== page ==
• That I the contact the COVID-19 Hotline.

Thereafter I proceeded to call Manager Jeanette Mitchell via her cell phone.

There was no response. I left a voice message which stated that I had flu-like symptoms and would therefore adhere to the recommended mandatory quarantine period.

In addition, I called Departmental Manager Nola Devonish and also got no response. I again left a voice message indicating same. To date none of these messages are acknowledged.

Furthermore, as I received no response, I called the OD. Manager Dilsworth who received the call. I identified myself and proceeded to inform her of my flu-like symptoms which made me unable to attend work. She asked whether I would send a sick leave. I then enlightened her of my knowledge of the decision made by departmental heads for persons with flu-like symptoms to self-quarantine – by her response it appeared she was not aware.

She then accused me of abandoning my job and questioned whether I returned to work since the days thereafter the accusation was made.

I suggested that my illness could have been a consequence of her on ward admittance of the suspected COVID-19 Patient. In response she stated that I was not in direct contact with the patient nor had I any reason to “walk out on the job.”

Given her unwelcoming tone and my ill condition, I advised her that it was not my intention to be a part of an argument but to simply clarify my situation.

Nevertheless, I called the COVID-19 Hotline and spoke to Dr. Charles. I then related my plight; my illness may have been caused as the COVID patient was admitted to the Obstetric Ward which warranted the patient to travel the ward’s entire length (the area of admittance is at the beginning of the unit and the patient’s destination was at the end).

I also expressed concern for patients who were housed in the immediate area. He told me that I had to be in direct contact with the patient to be infected. We now know this to be not factual.

However, at that time, I informed him that I understood the virus could remain on surfaces for a significant period of time. After a long conversation, Dr. Charles stated that since I believe that I may have been exposed, although he did not have any test kits with him, he would visit my home to do a test on the 23rd March. I still await Dr. Charles’s presence and test.

Although I was not on the job, my co-workers and I kept in touch. On or around the 3rd of May, Shenel Franklyn, my co-worker, provided me with further insight as it related to my matter. She was on the Obstetric unit and had spoken to Manager Devonish in relation to my maternal duty to my minor.

During said conversation, Ms. Franklyn stated that the Manager Devonish said I could bring my child to work with me and that she can stay in the store room which I had been working from.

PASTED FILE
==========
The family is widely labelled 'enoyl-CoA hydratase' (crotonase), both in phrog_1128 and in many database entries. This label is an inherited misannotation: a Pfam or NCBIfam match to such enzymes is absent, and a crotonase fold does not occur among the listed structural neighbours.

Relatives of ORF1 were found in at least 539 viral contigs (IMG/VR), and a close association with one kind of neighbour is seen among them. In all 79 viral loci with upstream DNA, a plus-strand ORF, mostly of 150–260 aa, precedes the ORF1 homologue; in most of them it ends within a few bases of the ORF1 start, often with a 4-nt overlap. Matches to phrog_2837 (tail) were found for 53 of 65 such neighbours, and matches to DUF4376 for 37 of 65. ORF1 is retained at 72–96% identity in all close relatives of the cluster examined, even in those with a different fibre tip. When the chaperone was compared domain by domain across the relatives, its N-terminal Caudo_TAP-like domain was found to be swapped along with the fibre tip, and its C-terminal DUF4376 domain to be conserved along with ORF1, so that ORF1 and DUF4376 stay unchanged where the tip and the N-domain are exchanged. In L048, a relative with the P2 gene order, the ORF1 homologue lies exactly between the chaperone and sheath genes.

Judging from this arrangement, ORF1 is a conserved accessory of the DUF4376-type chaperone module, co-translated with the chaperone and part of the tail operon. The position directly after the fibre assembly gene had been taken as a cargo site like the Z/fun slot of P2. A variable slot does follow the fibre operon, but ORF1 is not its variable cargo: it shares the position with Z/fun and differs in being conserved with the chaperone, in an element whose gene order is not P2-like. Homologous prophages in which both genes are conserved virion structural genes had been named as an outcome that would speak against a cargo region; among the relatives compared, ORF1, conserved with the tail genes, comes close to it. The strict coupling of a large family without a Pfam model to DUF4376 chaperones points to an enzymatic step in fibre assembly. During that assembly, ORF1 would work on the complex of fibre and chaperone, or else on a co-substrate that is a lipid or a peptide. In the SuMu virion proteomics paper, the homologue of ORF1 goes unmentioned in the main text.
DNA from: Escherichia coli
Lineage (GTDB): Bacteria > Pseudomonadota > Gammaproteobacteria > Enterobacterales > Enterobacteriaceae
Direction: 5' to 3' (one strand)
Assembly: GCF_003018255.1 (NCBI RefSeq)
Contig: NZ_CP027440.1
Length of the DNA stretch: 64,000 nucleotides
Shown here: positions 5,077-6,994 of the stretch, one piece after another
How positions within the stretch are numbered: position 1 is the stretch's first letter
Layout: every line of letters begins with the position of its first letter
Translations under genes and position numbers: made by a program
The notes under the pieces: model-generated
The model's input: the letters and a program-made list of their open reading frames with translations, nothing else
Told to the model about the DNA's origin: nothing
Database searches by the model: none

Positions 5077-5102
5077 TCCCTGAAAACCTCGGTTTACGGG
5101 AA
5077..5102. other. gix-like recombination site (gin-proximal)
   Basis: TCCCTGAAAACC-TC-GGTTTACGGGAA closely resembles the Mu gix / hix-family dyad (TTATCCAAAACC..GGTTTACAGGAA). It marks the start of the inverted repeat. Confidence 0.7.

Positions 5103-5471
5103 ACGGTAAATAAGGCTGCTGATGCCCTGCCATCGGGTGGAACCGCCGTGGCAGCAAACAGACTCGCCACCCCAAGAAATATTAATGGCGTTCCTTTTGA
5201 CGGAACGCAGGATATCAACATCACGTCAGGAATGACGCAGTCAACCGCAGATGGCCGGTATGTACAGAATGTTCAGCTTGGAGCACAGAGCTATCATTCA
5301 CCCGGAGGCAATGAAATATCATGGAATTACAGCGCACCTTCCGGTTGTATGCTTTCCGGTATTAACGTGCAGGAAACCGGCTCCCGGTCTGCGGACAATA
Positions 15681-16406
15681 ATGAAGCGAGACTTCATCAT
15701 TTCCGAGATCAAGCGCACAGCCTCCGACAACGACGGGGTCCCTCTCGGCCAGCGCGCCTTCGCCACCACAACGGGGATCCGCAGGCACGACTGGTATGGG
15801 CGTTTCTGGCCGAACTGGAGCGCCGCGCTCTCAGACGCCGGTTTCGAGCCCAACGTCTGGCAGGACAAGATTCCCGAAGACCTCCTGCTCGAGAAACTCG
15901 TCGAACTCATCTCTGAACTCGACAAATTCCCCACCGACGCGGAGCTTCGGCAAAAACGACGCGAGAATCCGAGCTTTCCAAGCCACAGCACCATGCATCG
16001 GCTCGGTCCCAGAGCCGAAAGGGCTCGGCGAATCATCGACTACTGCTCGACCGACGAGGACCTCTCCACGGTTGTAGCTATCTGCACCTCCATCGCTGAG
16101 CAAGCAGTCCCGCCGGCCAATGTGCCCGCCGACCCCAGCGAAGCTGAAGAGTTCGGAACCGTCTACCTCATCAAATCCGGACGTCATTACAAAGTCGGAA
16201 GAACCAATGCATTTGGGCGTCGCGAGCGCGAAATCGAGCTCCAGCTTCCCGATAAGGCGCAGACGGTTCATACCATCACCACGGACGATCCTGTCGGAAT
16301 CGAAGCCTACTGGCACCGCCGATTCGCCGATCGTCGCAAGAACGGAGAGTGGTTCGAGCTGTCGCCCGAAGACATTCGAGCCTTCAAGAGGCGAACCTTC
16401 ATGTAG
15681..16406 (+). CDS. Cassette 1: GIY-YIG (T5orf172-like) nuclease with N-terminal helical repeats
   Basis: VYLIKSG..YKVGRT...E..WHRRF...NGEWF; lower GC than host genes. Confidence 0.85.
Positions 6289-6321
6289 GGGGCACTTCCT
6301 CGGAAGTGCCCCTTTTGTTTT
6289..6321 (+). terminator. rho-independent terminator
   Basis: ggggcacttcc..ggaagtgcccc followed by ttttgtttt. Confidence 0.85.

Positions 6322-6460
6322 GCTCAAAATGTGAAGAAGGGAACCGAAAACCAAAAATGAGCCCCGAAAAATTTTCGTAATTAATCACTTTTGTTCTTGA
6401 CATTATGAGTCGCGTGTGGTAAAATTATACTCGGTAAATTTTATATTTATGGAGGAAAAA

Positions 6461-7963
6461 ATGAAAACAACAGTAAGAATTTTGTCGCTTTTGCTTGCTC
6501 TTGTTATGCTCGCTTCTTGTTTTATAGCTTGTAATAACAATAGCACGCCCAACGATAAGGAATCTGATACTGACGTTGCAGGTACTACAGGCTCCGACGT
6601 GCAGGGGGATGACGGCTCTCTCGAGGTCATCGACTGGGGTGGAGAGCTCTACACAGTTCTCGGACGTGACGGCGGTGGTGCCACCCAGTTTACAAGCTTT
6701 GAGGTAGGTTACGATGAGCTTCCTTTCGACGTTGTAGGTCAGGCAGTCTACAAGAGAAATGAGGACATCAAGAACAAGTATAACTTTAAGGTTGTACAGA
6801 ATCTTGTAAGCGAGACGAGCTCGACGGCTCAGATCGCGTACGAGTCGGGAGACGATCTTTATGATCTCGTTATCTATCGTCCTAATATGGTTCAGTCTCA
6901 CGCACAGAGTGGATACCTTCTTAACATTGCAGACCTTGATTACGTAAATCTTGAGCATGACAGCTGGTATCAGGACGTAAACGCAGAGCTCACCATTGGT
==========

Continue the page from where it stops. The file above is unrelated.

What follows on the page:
Ms. Franklyn also informed me that Manager Devonish also stated that she had written up all her absenteeism forms and that she was not going to call me.

On the 6th May 2020, I returned a missed call which displayed on my cell phone. It was the Chief Nursing Officer (CNO), Ms. Nester Edwards. She stated that she got a report which indicated that I walked out on the job and that her purpose for calling was to investigate the report.

She elaborated that it was reported that I was never heard from or seen since the 17th of March. I asked her to confirm the literature of the report as I was appalled by what I heard. She did. At that point I became even more disturbed and disappointed as I knew the allegations to be untrue.

I again related the aforementioned occurrences, including my illness and the sole responsibility of my seven (7) year old (whom I had no other alternative care for her due to the pandemic). I also expressed the fact that the existence of such a false report could only be based on either miscommunication or malice.

As the conversation unfolded Ms. Nester Edwards told me that “the potential high risk patient tested negative.” It seemed as though the CNO was trying to justify the imminent potential danger of the admittance of the suspected COVID-19 patient in an open ward. They said the patient walked out of the obstetric unit, to be found two weeks later.

My final question to Ms. Edwards was – what safety protocols did the Ministry Of Health have in place for frontline/emergency workers like myself ?

It was then I learnt from her that the responsibility for our protection, as such workers, is not the Ministry’s but Cabinets. I also learnt from her verbal communication that the regulation states…stay at home and work and there is nothing in place for workers like me.

Upon completion of the conversation Ms. Nester Edwards said she would talk to the Permanent Secretary and see what could be done in my situation. I informed her that I will be submitting a report, as I deemed the experience of this entire encounter to be disturbing; plagued with untruth and absence of communication, compassion and proper protocols.